As I said, it's been quite some time since I read KnightQuest (and now, I'm beginning to think I may have missed out on key chapters). However, the phrasing of this statement screams of entitlement. "I don't care what's been done since then, the way it happened in my day is the right way."

Batman fell in love with Sondra Kinsolving, and she heals him while kissing him. Sort of non-explicit sexual healing. She's either a metahuman, mutant or using magic.

Doesn't change the fact that he went to her because of her medical credentials, strongly suggesting that he wasn't irreversibly paralyzed due to spinal cord damage.

Incidentally, what makes your inference that Kinsolving was magic, mutant, or meta, as valid or moreso than the Wikipedia version of the story?

One more thing I feel I should address, which I think cuts once more to the heart of your reactionary, emotional, entitlement-based argument. Earlier, you said the following: "No. All you need is a really good writer--Joss Whedon for instance--to make Batgirl kick-ass and have her be brainy and unique, rather than rely on the crutch of a misogynist gimmick."
Now, I would argue that Barbara just spent a good long time under a "really good" writer: Gail Simone, who did make her kick ass, and did have her be brainy and unique, and did so without putting her in an objectifying costume or in the shadow of a male hero, and without relying on the oldest comic conventions.
You want to put Barbara Gordon back into a position of second-best under Batman, you want to make her a derivative character again, you want to grant Batman the right to choose when and how she gets healed, and now you ignore or denigrate the work of a highly competent female writer to suggest that only a male writer could do the character justice. Exactly where are you eliminating misogyny here?

Anonymous said...

Misogyny is a frame of mind, one which can only be determined by an individual's admission, or a pattern of behavior which suggests conscious or subconscious hatred/prejudice toward women. But even when we're talking about instituionalized misogyny, we must be careful not to brand all acts/behaviors as misogyny when there can be other factors involved. For example, people might say, "Oh, women make less than men; there is misogyny." Perhaps, but we need to know WHY such phenomena exist and the motivations of people involved before we brand them as misogynistic right off the bat, regardless of how tempting that may be. It is easy to fall into that trap because traditionally there HAS been a lot of misogyny in society.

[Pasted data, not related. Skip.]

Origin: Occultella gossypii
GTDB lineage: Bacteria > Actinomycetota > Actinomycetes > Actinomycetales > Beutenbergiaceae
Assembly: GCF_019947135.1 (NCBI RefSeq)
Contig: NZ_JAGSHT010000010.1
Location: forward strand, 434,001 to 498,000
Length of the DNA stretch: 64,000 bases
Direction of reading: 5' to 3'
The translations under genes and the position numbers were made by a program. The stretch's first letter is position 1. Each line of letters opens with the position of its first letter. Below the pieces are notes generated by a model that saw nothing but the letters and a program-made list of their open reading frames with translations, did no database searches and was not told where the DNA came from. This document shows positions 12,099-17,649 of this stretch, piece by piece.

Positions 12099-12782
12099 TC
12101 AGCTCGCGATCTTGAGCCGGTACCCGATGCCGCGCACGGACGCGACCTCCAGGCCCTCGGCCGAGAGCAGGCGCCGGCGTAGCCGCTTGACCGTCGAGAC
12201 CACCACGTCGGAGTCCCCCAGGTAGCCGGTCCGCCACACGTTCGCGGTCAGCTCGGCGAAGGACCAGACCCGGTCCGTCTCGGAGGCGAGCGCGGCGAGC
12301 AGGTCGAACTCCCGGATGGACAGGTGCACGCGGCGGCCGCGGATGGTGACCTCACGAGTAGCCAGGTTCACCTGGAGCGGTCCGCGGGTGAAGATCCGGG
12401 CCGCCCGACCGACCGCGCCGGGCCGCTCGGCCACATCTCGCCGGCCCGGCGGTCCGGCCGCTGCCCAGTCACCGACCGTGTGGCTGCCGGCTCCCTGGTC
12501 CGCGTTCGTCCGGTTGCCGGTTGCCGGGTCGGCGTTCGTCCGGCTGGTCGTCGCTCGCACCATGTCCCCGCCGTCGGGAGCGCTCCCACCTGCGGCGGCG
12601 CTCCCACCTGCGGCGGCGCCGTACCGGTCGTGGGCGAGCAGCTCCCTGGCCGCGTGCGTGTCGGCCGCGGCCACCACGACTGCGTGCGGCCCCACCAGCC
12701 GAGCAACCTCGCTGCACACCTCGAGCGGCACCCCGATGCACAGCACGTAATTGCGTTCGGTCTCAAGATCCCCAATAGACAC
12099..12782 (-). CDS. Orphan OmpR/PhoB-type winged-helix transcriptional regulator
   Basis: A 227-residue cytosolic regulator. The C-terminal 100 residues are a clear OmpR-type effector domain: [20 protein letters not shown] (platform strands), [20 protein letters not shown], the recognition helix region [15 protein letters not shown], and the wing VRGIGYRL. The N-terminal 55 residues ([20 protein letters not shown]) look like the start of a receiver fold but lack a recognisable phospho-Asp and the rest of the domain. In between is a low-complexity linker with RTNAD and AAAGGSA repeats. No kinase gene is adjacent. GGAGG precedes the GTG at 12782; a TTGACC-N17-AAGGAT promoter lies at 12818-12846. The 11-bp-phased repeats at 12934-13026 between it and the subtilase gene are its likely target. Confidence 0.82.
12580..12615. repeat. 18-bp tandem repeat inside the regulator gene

As far as comics go, it is a storytelling vehicle like anything else, and sometimes bad things (like rape) happen. Having a misogynistic character does not make a book misogynistic off the bat. The question is, are these events being played for lurid, demeaning or exploitive purposes, or are they being used as a valid narrative device? If the writer gives us no insight, we can only glean his intentions by context clues, but even this is not a fool-proof method.


I think, in general, it is safe to say that there is at LEAST a pattern of low-level misogyny simmering in mainstream comic books, but in individual cases it's harder to assess the degree of offense. Since comics are also an artistic medium (arguably now more than ever) how do we ascertain what is a "hateful, exploitive depiction" of women's bodies, and what is (for example) a recurring appreciation of the female form? Just because some unenlightened fanboys may leer and drool at a sexy cover with less than noble intent, does this mean the cover and the artist THEMSELVES are misogynistic? Perhaps the artist is paying homage to the pin-ups he copied from when he was learning how to draw. Perhaps the artist is making a satirical commentary on comic books themselves (even harder to determine in this age of irony and
post-modernism.)

This all gets very murky because comic books have traditionally been a very pulpy medium closely tied in with commerce. As a result, the idea of "selling women's bodies" or violence toward women has long been considered (often correctly) a tell-tale sign of misogynistic attitudes.